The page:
August 10, 2015

​Understanding Biologic Drugs

The use of natural plant substances to treat and cure disease and injuries dates back to prehistoric times. Ancient Egyptians used honey to treat infections. Babylonian physicians were prescribing creams and pills around 1050 BC. The Hippocratic Oath, a code of ethical standards from the 5th Century BC still sworn by new doctors today, references “deadly drugs.”

From Medieval times into the 20th Century, plants and chemical compounds in various forms changed the face of medicine, alleviating pain, curing infections, lowering blood pressure, controlling seizures and calming unquiet minds. Countless lives have been saved, innumerable injuries healed, thanks to over-the-counter and prescription drugs.

Today, scientific advances have led to new drug therapies whose full benefits and risks are still unknown, but whose lifesaving potential offers hope for a new revolution in medical care.

Biopharmaceuticals, also called biologics, are created from biologic, (human, animal or microorganism) sources, not plants or chemicals. Most biologics come from sequencing DNA molecules in new combinations that can stimulate production of things the body needs, e.g., insulin, and inhibit the expression of such health hazards as cancer, Crohn’s Disease, allergies and rheumatoid arthritis.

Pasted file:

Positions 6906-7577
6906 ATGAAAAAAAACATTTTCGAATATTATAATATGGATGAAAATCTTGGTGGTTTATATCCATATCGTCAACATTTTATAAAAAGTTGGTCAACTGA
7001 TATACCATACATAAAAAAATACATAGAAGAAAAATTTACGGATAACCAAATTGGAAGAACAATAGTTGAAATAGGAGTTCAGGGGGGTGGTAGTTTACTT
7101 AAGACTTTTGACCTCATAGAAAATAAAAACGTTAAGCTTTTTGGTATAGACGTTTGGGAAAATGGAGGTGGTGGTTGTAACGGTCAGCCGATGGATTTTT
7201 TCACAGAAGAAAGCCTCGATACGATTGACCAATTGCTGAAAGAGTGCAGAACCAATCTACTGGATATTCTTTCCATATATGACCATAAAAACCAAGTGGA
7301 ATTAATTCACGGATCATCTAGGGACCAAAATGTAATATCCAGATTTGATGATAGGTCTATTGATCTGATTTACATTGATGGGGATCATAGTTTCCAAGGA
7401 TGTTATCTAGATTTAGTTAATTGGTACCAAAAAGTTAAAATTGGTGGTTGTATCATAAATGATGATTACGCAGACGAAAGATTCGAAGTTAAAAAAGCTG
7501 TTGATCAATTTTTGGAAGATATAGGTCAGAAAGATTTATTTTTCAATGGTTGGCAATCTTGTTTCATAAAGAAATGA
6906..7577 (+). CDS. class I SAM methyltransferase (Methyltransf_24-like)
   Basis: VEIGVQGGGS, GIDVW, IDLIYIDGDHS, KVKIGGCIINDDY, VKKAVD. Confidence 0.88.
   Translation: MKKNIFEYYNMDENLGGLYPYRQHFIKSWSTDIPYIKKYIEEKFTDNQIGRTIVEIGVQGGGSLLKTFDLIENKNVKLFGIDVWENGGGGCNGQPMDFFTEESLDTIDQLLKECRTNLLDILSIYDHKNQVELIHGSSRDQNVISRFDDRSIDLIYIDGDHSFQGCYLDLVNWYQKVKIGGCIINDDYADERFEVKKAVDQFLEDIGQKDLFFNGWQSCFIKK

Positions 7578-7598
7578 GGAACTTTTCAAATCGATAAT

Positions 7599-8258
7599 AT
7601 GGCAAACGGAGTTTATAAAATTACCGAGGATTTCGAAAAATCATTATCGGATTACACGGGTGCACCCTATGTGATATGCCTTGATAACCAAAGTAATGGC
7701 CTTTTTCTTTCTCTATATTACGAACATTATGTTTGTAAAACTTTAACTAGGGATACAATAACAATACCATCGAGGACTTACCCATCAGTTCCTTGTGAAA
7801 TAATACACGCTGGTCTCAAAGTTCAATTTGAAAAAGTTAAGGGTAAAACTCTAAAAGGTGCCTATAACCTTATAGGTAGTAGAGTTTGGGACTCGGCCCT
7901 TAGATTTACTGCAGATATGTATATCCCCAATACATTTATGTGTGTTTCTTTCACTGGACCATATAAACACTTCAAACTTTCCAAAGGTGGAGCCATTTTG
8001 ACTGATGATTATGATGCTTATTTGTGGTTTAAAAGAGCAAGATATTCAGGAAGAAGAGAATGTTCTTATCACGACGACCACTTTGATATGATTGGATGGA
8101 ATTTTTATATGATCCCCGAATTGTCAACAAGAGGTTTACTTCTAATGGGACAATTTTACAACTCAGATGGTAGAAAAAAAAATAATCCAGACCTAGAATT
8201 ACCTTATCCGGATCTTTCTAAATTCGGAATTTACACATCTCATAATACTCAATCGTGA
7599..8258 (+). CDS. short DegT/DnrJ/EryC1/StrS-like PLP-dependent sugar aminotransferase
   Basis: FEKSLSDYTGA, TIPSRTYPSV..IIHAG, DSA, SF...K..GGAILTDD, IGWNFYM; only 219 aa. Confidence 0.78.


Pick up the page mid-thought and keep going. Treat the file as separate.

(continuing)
Because biologics are targeted to specific diseased cells, they do not generate some of the severe side effects often associated with treatments affecting large areas of healthy cells.

However, the study and use of biologics in health care is still in its infancy and there are risks already documented and many that remain to be seen. Also, the cost of most biologics is prohibitive.

Medications of any kind can be life-enhancing and life-saving. They can also be harmful, even life-threatening, when causing severe adverse reactions or used inappropriately. Talk to your doctor and pharmacist about the medications you are prescribed to understand the benefits and the risks they present. Visit MyHealthWI.org for tips on talking with your doctor and taking an active role in your health care decisions.